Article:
In his televised farewell speech to the nation in January 1961, President Eisenhower openly argued that our country has a looming ‘military industrial complex’ that will suck up our money and resources if we fail to contain it. The same can now be said about our medical infrastructure – except this is so much bigger – and infinitely more serious.

We must reach beyond the endless discussion and distractions we have about who pays and how much. The cost, compliance, coverage and political discussions are no doubt important, but these are inextricably linked to the quality and safety of medical care we expect to receive, but in too many cases, do not. Cost is not the problem, it is merely the undesired outcome of the issues that we do not have the political courage to solve. By not having the public outcry for these changes to be made, we can only expect to receive the same pitiful results.

The national fixation on cost and coverage is perhaps the most successful diversional tactic used in our card game by the clowns on the left and the jokers to the right.

So here we are, stuck in the middle with each other.

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Listen With Your Eyes
Small Employers Beware!

Listen to your EyesPercentages can matter. But when depicted in bar graphs, they seem to matter more – or at least become more digestible to understand.

Do smaller employers receive larger premium increases to their health plans when compared to their larger counterparts? The short answer to this question is ‘yes.’ Being community-rated with other like-size employers certainly has a great impact, as does paying state-required premium tax for being fully-insured. Small employers have fewer options to alter their benefit plans and lack critical scale to explore various funding arrangements that are available only to larger employers.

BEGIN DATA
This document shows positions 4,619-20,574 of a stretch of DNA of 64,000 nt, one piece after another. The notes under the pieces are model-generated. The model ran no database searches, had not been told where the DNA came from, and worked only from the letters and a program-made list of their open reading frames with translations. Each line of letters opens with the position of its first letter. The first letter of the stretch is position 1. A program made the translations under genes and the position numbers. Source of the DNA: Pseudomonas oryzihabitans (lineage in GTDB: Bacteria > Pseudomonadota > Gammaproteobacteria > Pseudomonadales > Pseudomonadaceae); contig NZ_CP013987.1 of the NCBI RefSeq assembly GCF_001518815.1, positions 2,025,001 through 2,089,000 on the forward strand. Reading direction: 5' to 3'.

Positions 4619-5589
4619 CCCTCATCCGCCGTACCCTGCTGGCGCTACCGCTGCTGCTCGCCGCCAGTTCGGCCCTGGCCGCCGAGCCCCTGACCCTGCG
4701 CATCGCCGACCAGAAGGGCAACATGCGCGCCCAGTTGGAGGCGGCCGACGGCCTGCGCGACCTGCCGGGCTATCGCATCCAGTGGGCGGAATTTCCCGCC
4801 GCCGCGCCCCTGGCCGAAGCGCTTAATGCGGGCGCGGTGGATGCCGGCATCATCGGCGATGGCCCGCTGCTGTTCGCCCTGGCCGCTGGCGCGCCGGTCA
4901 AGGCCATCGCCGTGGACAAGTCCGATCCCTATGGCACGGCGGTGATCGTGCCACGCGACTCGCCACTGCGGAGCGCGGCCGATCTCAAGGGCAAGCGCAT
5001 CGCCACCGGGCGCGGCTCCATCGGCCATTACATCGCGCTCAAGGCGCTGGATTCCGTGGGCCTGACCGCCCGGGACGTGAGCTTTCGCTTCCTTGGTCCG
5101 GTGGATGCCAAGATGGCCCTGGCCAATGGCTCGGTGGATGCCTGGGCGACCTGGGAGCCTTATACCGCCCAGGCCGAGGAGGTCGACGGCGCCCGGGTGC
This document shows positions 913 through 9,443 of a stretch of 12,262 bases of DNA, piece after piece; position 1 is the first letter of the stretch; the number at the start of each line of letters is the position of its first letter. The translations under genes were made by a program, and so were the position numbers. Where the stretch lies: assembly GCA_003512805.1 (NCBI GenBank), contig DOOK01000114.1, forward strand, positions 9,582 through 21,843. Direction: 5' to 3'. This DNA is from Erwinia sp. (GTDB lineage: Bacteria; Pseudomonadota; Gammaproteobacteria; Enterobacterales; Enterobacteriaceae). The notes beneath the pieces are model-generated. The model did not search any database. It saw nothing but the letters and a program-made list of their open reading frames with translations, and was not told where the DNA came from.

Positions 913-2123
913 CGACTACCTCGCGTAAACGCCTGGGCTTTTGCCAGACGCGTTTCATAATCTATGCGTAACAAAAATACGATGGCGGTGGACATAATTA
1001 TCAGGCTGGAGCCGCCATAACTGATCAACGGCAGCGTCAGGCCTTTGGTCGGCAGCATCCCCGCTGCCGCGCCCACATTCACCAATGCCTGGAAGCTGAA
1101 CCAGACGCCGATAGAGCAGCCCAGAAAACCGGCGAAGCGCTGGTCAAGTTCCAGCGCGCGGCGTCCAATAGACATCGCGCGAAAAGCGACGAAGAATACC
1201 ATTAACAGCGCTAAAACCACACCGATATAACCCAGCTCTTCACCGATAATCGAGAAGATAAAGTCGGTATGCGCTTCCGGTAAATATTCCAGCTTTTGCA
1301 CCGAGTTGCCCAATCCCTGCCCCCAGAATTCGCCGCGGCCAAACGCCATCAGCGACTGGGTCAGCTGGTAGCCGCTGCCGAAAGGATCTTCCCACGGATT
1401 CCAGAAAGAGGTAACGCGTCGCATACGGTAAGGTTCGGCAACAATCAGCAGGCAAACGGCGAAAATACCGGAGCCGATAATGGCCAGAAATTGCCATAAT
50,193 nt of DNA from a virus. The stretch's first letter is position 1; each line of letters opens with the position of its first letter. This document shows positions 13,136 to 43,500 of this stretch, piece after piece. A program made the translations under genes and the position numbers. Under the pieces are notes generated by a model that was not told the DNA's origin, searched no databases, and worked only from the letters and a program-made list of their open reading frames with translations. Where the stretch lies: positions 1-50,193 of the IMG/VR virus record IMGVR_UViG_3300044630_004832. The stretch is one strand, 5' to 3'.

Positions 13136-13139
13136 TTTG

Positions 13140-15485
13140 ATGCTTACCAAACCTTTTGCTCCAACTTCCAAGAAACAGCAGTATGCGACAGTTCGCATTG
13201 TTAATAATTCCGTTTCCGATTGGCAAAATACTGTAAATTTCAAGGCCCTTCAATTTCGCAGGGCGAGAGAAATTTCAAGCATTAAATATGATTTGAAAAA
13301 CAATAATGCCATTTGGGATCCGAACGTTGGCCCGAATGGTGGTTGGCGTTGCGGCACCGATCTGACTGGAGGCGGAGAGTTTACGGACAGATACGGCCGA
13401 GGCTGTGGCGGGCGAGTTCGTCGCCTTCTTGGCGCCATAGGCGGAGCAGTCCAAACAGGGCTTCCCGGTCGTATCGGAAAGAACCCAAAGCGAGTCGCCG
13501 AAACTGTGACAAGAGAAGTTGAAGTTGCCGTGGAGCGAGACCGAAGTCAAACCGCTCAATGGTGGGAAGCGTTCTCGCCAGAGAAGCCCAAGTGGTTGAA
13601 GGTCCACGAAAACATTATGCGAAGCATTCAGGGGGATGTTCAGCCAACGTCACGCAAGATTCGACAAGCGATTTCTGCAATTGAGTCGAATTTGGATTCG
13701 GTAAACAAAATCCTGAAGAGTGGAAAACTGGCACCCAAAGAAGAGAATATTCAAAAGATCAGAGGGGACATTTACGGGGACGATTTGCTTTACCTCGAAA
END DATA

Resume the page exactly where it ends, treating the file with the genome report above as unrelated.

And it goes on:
Using results from our last six Iowa Employer Benefits Studies© (2010 – 2015), we found the three smallest employer size categories (2-to-9 employees, 10-to-19 employees and 20-to-49 employees) were more likely to receive annual double-digit increases from their insurance vendors when compared to the other three-size categories (see below).

Average Increases 2010-2015 Iowa Employer Benefits Study

From 2010 – 2015, the average annual increase for each size category demonstrates the divide between the largest and smaller employers. Employers with fewer than 20 employees averaged premium increases each year of 11.5 percent, while employers with 250-to-999 averaged premium increases of 6.3 percent. Employers with over 1,000 employees were most ‘fortunate’ by experiencing average increases of 5.6 percent.

Average Premium Increase 2010 - 2015

Over this period – and prior to making health plan adjustments – the smallest employers received premium hikes of 69 percent. The largest of employers received a cumulative increase of 33 percent, more than half of what the small employers received.

Overall Premium Increases 2010 - 2015

The implications of rising health premiums are unsettling for all employers, but especially for the majority of employers in Iowa with 2-to-19 employees, which represent 94 percent of all Iowa organizations.

Seeing is believing, so listen with your eyes.

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Making ‘Mentorship’ a New Employee Benefit!

Mentorship - An Employer Benefit StrategyMost of us can name at least one person in our lives that served as a ‘mentor,’ whether it was to help guide our career(s), aid in specific work projects or provided general life advice.

Oftentimes, this mentorship process is informal. It’s derived from the trust we have in the person due to his/her relationship, experience, knowledge, integrity and sense of altruism selflessly demonstrated to guide our own personal or professional development. The mentor simply wishes to share their knowledge or expertise with the mentee with the noble intent of “paying it forward.”